Frequency-based haplotype reconstruction from deep sequencing data of bacterial populations

Clonal populations accumulate mutations over time, resulting in different haplotypes. Deep sequencing of such a population in principle provides information to reconstruct these haplotypes and the frequency at which the haplotypes occur. However, this reconstruction is technically not trivial, especially not in clonal systems with a relatively low mutation frequency. The low number of segregating sites in those systems adds ambiguity to the haplotype phasing and thus obviates the reconstruction of genome-wide haplotypes based on sequence overlap information.

Therefore, we present EVORhA, a haplotype reconstruction method that complements phasing information in the non-empty read overlap with the frequency estimations of inferred local haplotypes. As was shown with simulated data, as soon as read lengths and/or mutation rates become restrictive for state-of-the-art methods, the use of this additional frequency information allows EVORhA to still reliably reconstruct genome-wide haplotypes. On real data, we show the applicability of the method in reconstructing the population composition of evolved bacterial populations and in decomposing mixed bacterial infections from clinical samples.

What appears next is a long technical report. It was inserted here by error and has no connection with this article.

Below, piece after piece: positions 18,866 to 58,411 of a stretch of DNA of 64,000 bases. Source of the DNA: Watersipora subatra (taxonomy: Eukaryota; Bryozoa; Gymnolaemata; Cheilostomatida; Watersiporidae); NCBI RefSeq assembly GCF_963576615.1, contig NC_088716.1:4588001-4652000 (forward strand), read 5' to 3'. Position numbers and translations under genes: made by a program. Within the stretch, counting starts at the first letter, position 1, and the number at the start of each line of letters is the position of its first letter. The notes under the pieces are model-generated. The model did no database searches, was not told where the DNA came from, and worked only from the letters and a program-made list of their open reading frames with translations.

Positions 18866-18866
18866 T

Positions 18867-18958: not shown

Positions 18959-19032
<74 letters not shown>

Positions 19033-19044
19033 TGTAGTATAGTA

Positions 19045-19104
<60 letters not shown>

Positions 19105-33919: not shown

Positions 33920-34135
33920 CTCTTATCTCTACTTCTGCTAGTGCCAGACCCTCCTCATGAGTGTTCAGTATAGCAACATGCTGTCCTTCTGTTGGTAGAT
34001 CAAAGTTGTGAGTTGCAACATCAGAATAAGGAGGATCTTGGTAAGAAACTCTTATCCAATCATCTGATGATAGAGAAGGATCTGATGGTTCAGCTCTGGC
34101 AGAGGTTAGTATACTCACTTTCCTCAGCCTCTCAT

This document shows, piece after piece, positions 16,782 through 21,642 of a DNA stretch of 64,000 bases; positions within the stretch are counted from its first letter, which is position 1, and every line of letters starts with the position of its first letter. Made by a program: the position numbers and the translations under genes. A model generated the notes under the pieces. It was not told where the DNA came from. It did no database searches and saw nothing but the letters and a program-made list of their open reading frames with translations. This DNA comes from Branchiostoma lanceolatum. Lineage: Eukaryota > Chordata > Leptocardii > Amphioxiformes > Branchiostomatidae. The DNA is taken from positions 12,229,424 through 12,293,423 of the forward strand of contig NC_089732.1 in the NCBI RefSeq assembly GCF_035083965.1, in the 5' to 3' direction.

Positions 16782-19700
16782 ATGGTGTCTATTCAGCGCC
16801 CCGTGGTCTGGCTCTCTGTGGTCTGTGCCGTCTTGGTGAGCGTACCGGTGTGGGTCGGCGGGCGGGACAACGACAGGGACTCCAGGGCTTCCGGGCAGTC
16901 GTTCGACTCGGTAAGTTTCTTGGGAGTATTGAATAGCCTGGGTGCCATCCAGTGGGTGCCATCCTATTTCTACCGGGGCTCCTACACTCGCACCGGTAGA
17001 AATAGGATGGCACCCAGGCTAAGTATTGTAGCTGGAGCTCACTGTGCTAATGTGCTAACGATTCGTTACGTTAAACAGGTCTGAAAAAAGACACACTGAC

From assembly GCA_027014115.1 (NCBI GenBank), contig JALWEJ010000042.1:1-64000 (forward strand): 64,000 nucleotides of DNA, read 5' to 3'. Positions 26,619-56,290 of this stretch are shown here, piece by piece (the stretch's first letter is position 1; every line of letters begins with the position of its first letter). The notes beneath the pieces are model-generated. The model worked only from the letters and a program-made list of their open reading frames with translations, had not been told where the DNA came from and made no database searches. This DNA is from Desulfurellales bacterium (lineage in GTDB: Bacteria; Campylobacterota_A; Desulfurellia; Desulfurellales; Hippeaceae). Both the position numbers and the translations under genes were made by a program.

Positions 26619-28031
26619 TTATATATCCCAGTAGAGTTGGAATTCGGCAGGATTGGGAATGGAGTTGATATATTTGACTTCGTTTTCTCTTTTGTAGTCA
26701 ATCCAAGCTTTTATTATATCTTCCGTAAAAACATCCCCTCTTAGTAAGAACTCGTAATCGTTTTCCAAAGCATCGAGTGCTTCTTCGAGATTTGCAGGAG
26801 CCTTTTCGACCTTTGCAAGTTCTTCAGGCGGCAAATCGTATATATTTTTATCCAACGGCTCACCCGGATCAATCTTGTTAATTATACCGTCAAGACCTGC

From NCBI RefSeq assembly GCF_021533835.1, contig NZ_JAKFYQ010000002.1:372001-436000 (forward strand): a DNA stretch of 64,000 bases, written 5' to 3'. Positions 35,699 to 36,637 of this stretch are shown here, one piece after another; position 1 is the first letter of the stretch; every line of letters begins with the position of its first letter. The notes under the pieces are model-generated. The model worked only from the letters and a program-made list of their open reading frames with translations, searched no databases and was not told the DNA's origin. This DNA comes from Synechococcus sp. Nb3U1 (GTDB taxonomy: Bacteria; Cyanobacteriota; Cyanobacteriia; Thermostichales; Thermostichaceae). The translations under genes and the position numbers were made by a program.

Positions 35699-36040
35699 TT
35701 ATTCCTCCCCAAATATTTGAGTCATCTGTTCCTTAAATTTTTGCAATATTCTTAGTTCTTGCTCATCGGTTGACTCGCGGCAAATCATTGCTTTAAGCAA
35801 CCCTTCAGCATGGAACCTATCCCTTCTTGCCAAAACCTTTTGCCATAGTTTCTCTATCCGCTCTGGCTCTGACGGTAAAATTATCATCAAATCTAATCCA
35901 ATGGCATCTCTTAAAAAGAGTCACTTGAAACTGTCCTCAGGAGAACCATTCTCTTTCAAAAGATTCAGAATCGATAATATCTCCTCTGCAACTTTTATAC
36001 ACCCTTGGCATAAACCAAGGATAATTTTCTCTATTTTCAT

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Pulido-Tamayo, Sergio; Sanchez-Rodriguez, Aminael; Swings, Toon; Van den Bergh, Bram; Dubey, Akanksha; Steenackers, Hans; Michiels, Jan; Fostier, Jan; Marchal, Kathleen
NUCLEIC ACIDS RESEARCH, 43 (16):10.1093/nar/gkv478 SEP 18 2015